Coen Claassen, Senior Designer at VanBerlo, and Martijn Baller, System Architect at VanBerlo, are visiting the Consumer Electronics Show (CES) in Las Vegas. In a daily diary they share their vision and their experiences at the world’s biggest gathering place of innovative products. Today part 4, by Martijn Baller.
On the third day we tried to see the highlights we missed in the last two days and spend some extra time on both CES locations, Tech West and Tech East. NXP, Texas Instruments, ROHM, Nordic and Microchip, to mention a few, had some nice tech demos to show, Bluetooth 5.0 is a hot topic. Where Bluetooth 4.2 added features especially focused on security, 5.0 allows a mode with larger range or higher bandwidth. Long range means several 100 meters in open air so in home Bluetooth 5.0 could be used for sensors in the whole house directly connected to your phone. The high bandwidth allows for transmission of voice and fast over the air updates. While we also came across products with voice command transmission on the CES this year, we expect that next year even more products will have the ability to be controlled using voice. Which voice recognition algorithm will be used remains a question.
Similar to last year we were surprised by the many robots in all kinds of forms. Some were cute and friendly to educate children, but others had one dedicated function, like barbecue cleaning. Especially Japanese companies are very creative in finding applications for these robots. One of them showed a table lamp that can be controlled using voice commands. It is also equipped with a camera that connects to an app for stop motion movies of your sketches.
Casio had some interesting products this year. A 2,5D printer was shown that prints with heat and ink on special paper. The paper contained a special material that expands when heated up. Making it possible to print and prototype textures on paper that you can really feel. While the printer and paper didn’t come cheap, they explained that it is a promising technology for car interior prototyping, because it can pattern out textures of leather and textiles realistically.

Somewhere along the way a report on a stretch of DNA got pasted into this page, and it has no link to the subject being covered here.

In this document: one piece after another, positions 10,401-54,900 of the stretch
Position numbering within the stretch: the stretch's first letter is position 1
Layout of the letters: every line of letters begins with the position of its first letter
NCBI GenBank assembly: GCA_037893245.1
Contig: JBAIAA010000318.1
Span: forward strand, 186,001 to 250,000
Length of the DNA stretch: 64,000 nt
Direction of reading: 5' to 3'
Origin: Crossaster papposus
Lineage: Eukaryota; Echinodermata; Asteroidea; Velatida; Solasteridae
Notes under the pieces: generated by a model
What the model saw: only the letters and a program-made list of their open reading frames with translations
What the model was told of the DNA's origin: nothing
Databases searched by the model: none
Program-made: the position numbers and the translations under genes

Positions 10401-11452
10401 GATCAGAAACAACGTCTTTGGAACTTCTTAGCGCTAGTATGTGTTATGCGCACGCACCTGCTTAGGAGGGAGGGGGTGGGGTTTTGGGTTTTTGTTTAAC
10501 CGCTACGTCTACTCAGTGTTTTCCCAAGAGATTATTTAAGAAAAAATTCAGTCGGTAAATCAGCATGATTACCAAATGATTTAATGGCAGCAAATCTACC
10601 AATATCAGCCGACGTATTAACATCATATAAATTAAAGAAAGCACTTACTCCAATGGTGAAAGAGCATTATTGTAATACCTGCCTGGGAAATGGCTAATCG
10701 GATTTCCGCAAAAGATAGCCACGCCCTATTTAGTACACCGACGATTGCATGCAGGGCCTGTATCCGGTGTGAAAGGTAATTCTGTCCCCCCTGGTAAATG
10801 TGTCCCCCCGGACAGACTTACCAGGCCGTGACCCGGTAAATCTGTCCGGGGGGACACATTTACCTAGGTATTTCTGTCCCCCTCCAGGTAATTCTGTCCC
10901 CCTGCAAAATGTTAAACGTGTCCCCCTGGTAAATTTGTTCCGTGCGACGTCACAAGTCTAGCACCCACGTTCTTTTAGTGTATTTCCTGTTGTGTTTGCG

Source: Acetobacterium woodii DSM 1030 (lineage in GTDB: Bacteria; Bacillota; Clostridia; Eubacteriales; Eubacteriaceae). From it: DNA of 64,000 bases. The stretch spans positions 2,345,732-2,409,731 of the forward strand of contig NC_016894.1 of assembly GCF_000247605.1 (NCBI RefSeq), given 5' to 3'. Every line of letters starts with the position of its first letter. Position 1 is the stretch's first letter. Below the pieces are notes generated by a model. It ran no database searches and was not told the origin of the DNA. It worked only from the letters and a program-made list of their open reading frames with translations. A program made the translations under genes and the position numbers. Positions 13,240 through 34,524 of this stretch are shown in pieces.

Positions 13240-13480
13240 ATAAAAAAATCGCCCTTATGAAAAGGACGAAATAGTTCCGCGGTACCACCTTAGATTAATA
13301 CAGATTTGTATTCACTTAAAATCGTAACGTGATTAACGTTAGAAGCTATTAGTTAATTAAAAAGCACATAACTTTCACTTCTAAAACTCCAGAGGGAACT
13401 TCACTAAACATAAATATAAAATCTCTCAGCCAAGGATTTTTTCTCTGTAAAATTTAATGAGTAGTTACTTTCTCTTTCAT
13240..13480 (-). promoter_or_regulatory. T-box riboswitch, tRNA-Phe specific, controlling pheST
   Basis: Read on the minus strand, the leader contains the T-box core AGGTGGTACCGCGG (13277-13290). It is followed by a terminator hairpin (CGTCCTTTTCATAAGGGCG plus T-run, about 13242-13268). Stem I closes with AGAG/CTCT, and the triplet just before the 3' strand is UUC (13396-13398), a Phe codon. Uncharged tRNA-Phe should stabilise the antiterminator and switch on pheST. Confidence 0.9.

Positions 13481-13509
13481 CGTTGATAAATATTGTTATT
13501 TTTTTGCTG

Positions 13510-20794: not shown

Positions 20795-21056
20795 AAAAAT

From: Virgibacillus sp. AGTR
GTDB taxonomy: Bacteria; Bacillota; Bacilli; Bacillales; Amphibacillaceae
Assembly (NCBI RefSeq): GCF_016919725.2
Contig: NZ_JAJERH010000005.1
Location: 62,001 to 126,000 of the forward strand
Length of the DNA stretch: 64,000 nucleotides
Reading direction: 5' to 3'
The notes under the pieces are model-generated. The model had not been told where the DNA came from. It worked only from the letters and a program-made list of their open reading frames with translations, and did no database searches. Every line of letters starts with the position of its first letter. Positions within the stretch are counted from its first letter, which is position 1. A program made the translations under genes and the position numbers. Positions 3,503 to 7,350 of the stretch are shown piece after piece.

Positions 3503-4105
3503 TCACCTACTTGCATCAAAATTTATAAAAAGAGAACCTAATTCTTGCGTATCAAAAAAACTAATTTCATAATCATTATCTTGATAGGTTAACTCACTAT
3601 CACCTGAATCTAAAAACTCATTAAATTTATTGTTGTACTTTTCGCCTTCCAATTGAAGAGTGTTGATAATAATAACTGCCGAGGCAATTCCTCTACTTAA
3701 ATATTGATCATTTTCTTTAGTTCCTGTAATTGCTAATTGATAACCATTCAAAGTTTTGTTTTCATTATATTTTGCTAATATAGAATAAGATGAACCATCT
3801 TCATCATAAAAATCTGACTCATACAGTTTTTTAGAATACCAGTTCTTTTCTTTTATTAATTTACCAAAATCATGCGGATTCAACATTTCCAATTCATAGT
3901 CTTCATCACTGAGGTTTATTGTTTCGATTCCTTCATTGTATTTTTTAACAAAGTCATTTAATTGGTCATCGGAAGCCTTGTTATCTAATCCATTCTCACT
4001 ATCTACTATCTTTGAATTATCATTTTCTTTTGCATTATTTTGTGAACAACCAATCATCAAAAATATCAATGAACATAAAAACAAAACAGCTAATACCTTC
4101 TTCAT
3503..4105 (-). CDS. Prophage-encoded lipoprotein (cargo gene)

We visited Tanvas, a startup with technology to make touchscreens with haptic feedback. This could be the next step in haptic touchscreen technology. Other companies were focusing more on voice and gesture control. A nice addition to gesture control is to have some sort of haptic feedback as well. We saw more than 5 companies displaying products that use a matrix of small ultrasonic directional speakers to create sound that can be felt but cannot be heard. These technologies show to be a promising technology for haptic feedback for gesture control interfaces.
These days, projection technologies seem to be overshadowed by large displays, but we also encountered other interesting new projection applications. Casio showed a small portable prototype that projects the screen of your tablet or phone. It uses an IR camera to track your finger and hereby renders an interactive projected screen on any surface. At the moment SONY offers a similar device, the Experia projector. A spin-out of SONY took this even one step further by adding the ability to detect objects placed on the project screen. This enables augmented projection and an interesting demonstration brought the book of Alice in Wonderland to life in an interactive way. Our last highlight of the day was a huge 8K tilled led matrix display of 11 x 3 m by Sony.
Tomorrow we will start our long journey back and will write a recap of the CES 2017. So stay tuned!
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